- Facebook’s Instant Articles not a threat to media
- U of I expert: Rauner’s pension fix ‘unconstitutional’
- State Senate approves lesser penalties for marijuana possession
- State Roundup: Natural gas vehicle tax stalls in committee
- Raptors, Rangers FC announce June camp
- Student debt 101: dearth of data fuels common misperceptions
- ‘Millionaire tax’ clears House panel
- Memorial Day events at Midway’s LZ Peace Memorial
- Wallace calls for Rockford crime task force
- How we discovered the 3 revolutions of American pop
The numbers tell the story
My wife says that when a letter has too many numbers in it, readers’ eyes glaze over; I say the numbers are important. When a dairy contaminates 150 wells in Brown County, Wis., that is an important number. When a 1,500-cow dairy releases so much hydrogen sulfide that homes are evacuated in Thief River Falls, Minn., the number is important. When there is a 10-mile fish kill on the Sangamon River, Ill., or 2,300 sickened, seven killed in Walkerton, Canada; those are important numbers. When the pollution limit for BOD is 30, and the purple discharge to the Apple River measures over 400, the numbers are important. When Goetsch (IDOA) finally admits, as he did June 11, that the proposed mega-dairy in Jo Daviess County, Ill., could leak as much as 1,000 gallons per acre per day (but that’s OK because he says it won’t happen for 10 or 20 years) — those are important numbers.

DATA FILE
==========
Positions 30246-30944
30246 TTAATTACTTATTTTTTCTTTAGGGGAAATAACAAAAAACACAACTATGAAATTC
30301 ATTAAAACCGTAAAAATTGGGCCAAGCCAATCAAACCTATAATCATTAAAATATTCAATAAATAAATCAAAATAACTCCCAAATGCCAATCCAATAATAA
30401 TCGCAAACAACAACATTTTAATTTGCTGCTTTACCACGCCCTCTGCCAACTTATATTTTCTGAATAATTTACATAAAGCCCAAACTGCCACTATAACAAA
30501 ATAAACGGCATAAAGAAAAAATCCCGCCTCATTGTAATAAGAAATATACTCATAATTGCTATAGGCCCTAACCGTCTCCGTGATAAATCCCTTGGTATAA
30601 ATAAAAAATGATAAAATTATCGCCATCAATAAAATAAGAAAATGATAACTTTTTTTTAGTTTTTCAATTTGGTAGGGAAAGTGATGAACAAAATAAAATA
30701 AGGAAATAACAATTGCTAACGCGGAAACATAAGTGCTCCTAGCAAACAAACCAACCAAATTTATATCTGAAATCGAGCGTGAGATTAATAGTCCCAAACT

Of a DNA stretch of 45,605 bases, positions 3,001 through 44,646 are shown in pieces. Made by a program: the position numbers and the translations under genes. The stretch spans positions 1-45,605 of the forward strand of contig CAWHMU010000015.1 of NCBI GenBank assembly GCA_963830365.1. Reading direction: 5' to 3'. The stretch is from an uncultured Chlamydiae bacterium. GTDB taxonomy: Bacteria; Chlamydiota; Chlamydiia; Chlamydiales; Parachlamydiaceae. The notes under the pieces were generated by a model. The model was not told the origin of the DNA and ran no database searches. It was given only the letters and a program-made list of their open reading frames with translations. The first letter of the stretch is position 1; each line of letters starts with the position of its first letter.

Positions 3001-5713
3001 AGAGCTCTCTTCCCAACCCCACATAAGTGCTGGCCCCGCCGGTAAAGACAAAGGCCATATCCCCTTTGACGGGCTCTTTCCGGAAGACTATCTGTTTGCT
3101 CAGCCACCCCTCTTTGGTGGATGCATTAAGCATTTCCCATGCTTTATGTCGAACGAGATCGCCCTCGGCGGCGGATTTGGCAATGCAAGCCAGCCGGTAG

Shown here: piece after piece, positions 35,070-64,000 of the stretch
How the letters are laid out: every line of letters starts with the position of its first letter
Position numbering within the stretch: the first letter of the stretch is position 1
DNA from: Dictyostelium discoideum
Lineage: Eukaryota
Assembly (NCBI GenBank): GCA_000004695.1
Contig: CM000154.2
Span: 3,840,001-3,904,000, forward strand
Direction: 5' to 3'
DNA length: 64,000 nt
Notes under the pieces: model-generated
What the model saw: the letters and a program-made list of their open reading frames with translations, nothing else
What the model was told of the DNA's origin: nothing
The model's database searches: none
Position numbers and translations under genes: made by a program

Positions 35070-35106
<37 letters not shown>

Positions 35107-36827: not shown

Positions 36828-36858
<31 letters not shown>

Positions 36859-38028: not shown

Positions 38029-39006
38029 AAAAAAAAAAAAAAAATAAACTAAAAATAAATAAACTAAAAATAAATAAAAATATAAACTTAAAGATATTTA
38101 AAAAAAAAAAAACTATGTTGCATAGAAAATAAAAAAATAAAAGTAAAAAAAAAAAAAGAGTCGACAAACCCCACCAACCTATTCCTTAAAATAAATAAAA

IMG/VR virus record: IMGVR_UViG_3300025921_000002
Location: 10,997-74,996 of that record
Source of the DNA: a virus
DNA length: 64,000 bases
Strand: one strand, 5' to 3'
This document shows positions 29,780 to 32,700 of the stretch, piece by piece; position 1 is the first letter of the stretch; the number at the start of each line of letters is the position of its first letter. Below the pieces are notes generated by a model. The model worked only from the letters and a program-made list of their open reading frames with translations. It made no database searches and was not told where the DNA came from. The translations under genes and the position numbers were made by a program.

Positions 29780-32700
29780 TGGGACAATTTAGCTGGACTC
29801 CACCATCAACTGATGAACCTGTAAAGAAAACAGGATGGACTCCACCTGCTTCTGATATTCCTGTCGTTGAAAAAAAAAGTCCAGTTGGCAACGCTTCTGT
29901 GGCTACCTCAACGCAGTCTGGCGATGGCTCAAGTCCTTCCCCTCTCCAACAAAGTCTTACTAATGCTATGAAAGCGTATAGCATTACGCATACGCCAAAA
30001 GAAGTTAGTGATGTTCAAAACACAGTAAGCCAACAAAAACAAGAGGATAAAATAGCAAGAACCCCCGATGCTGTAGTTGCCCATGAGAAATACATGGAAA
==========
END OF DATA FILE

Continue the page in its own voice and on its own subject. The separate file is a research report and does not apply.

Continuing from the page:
It is not OK to contaminate wells, pollute rivers, or force families from their homes. It is not OK to strip the citizens of their rights to fight for clean air and water — and that is what these numbers are all about.
From the July 20-26, 2011 issue